To Thomas Mann Randolph
Philadelphia Feb. 2. 1800.
Th:J. TO TMR.
My letters to yourself and my dear Martha have been of Jan. 13. 21. & 28. I now inclose a letter lately recieved for her. you will see in the newspapers all the details we have of the proceedings of Paris. I observe that La Fayette is gone there. when we see him, Volney, Sieyes, Taleyrand gathering round the new powers, we may conjecture from thence their views and principles. should it be really true that Buonaparte has usurped the government with an intention of making it a free one, whatever his talents may be for war, we have no proofs that he is skilled in forming governments friendly to the people. wherever he has meddled we have seen nothing but fragments of the old Roman government stuck into materials with which they can form no cohesion: we see the bigotry of an Italian to the antient splendour of his country, but nothing which bespeaks a luminous view of the organisation of rational government. perhaps however this may end better than we augur: and it certainly will if his head is equal to true & solid calculations of glory. it is generally hoped here that peace may take place. there was before no union of view between Austria & the members of the triple coalition: the defeats of Suwarrow appear to have compleatly destroyed the confidence of Russia in that power, & the failure of the Dutch expedition to have weaned him from the plans of England. the withdrawing his armies we hope is the signal for the entire dissolution of the coalition, and for every one seeking his separate peace. we have great need of this event; that foreign affairs may no longer bear so heavily on ours. we have great need for the ensuing twelvemonth to be left to ourselves. the enemies of our constitution are preparing a fearful operation, and the dissensions in this state are too likely to bring things to the situation they wish; when our Buonaparte, surrounded by his comrades in arms may step in to give us political salvation in his way. it behoves our citizens to be on their guard, to be firm in their principles, and full of confidence in themselves. we are able to preserve our self-government if we will but think so. I think the return of La Fayette to Paris ensures a reconciliation between them & us. he will so entwist himself with the envoys that they will not be able to draw off.—mr C. Pinckney has brought into the Senate a bill for the uniform appointment of juries. a tax on public stock, bank-stock &c is to be proposed. this would bring 150. millions into contribution with the lands, and levy a sensible proportion of the expences of a war on those who are so anxious to engage us in it. Robins’s affair is perhaps to be enquired into. however the majority against these things leave no hope of success. it is most unfortunate that while Virginia & N. Carolina were steady the middle states drew back: now that these are laying their shoulders to the draught, Virginia & N. Carolina baulk; so that never drawing together, the Eastern states steady & unbroken, draw all to themselves. I was mistaken last week in saying no more failures had happened. new ones have been declaring every day in Baltimore, others here and at New York. the last here have been Nottnagel, Montmollin & co. & Peter Blight. the sums are enormous. I do not know the firms of the bankrupt houses in Baltimore, but the crush will be incalculable. in the present stagnation of commerce & particularly that in tobo. it is difficult to transfer money from hence to Richmond. government bills on their custom house at Bermuda can from time to time be had. I think it will be best for mr Barnes always to keep them bespoke, and to remit in that way your instalments as fast as they are either due or within the discountable period. the 1st. is due the middle of March, & so from 2. months to 2. months in 5. equal instalments. I am looking out to see whether such a difference of price here may be had as will warrant our bringing our tobo. from N. York here rather than take 6. D. there. we have been very unfortunate in this whole business. first in our own miscalculation of the effect of the non-intercourse law; and when we had corrected our own opinions, that our instructions were from good but mistaken views, not executed. my constant love to my dear Martha, kisses to the young ones, and affectionate esteem to yourself.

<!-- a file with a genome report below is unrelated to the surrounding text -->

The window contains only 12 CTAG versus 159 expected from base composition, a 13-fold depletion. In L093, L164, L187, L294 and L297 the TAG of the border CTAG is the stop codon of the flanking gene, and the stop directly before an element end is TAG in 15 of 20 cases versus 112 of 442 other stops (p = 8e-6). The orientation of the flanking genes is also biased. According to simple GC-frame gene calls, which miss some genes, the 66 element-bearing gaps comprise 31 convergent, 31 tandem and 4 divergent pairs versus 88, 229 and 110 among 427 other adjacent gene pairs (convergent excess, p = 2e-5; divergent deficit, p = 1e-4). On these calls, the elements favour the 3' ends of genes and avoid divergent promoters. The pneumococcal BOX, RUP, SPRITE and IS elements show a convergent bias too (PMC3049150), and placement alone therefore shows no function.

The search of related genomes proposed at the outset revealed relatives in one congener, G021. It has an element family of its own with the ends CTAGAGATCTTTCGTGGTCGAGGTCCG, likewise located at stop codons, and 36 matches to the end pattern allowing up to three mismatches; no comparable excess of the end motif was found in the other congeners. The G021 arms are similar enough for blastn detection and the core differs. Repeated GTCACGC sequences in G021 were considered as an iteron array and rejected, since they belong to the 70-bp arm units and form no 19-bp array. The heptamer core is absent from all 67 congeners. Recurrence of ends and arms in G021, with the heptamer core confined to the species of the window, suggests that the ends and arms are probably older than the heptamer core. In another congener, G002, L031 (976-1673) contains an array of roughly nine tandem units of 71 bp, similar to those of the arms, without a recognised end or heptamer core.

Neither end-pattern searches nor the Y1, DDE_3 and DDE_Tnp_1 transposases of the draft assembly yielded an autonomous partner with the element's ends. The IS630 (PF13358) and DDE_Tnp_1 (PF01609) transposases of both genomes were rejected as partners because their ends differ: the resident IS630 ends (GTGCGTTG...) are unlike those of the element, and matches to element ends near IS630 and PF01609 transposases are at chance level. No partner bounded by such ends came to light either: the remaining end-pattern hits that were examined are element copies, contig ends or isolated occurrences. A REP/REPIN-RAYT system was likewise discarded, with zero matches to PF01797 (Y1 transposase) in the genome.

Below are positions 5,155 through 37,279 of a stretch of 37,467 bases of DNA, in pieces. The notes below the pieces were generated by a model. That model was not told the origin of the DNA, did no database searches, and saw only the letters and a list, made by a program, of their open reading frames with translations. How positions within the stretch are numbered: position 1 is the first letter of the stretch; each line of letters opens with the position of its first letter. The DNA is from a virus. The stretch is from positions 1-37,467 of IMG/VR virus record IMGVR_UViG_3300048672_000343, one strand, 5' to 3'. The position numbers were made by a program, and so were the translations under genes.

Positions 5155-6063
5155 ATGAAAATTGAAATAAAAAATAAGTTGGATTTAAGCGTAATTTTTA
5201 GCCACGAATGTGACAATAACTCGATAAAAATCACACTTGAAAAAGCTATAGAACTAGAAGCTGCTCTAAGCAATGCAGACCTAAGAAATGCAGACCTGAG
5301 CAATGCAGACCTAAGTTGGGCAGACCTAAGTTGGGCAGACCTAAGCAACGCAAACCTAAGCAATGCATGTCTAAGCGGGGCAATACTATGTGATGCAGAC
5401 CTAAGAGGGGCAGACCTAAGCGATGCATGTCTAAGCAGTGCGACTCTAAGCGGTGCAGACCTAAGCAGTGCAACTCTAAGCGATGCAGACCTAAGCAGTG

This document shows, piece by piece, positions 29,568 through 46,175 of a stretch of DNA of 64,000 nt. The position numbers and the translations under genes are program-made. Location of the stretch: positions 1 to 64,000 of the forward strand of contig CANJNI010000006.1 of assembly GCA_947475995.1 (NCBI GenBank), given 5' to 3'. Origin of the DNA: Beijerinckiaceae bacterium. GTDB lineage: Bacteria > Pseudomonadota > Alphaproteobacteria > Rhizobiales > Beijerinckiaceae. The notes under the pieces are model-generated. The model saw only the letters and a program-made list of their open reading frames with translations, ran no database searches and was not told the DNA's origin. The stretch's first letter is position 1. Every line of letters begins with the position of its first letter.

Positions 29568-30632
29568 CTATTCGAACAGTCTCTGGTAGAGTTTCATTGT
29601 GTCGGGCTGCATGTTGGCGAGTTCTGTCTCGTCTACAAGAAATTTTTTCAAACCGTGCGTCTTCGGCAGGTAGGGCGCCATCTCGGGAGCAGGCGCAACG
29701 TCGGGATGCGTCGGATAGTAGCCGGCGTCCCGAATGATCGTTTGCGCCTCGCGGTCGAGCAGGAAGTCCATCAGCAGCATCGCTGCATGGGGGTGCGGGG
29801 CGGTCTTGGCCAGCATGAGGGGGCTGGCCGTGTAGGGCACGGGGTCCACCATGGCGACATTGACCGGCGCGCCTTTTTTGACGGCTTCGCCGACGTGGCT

RC (DLC); endorsed by Randolph as received 16 Mch. PrC (same). Enclosure not found.
On 31 Jan. Charles Pinckney introduced a bill to “establish an uniform mode of drawing Jurors by lot, in all the Courts of the United States.” For TJ’s interest in reforming the process of jury selection, see Petition to the General Assembly of Virginia, [2 or 3 Nov. 1798]. TJ made notations on a printed copy of the bill indicating changes proposed by the Senate. The vice president also recorded the progress of the bill from its first reading on 31 Jan. to 11 Mch. when it was “postp’d to next session” (DNA: RG 46, Senate Records, 6th Cong., 1st sess.; JS description begins Journal of the Senate of the United States, Washington, D.C., 1820–21, 5 vols. description ends , 3:25, 26, 35, 46; National State Papers: Adams description begins Martin P. Claussen, ed., National State Papers of the United States, 1789–1817. Part II: Texts of Documents. Administration of John Adams, 1797–1801, Wilmington, 1980, 24 vols. description ends , 20:208–17). See also Pinckney’s address, “On the subject of having Impartial Juries, by Lot, in all the Federal Courts,” in Speeches of Charles Pinckney, Esq. in Congress ([Philadelphia], 1800), 3–18; Evans, description begins Charles Evans, Clifford K. Shipton, and Roger P. Bristol, comps., American Bibliography: A Chronological Dictionary of all Books, Pamphlets and Periodical Publications Printed in the United States of America from …1639 …to …1820, Chicago and Worcester, Mass., 1903–59,14 vols. description ends No. 38270.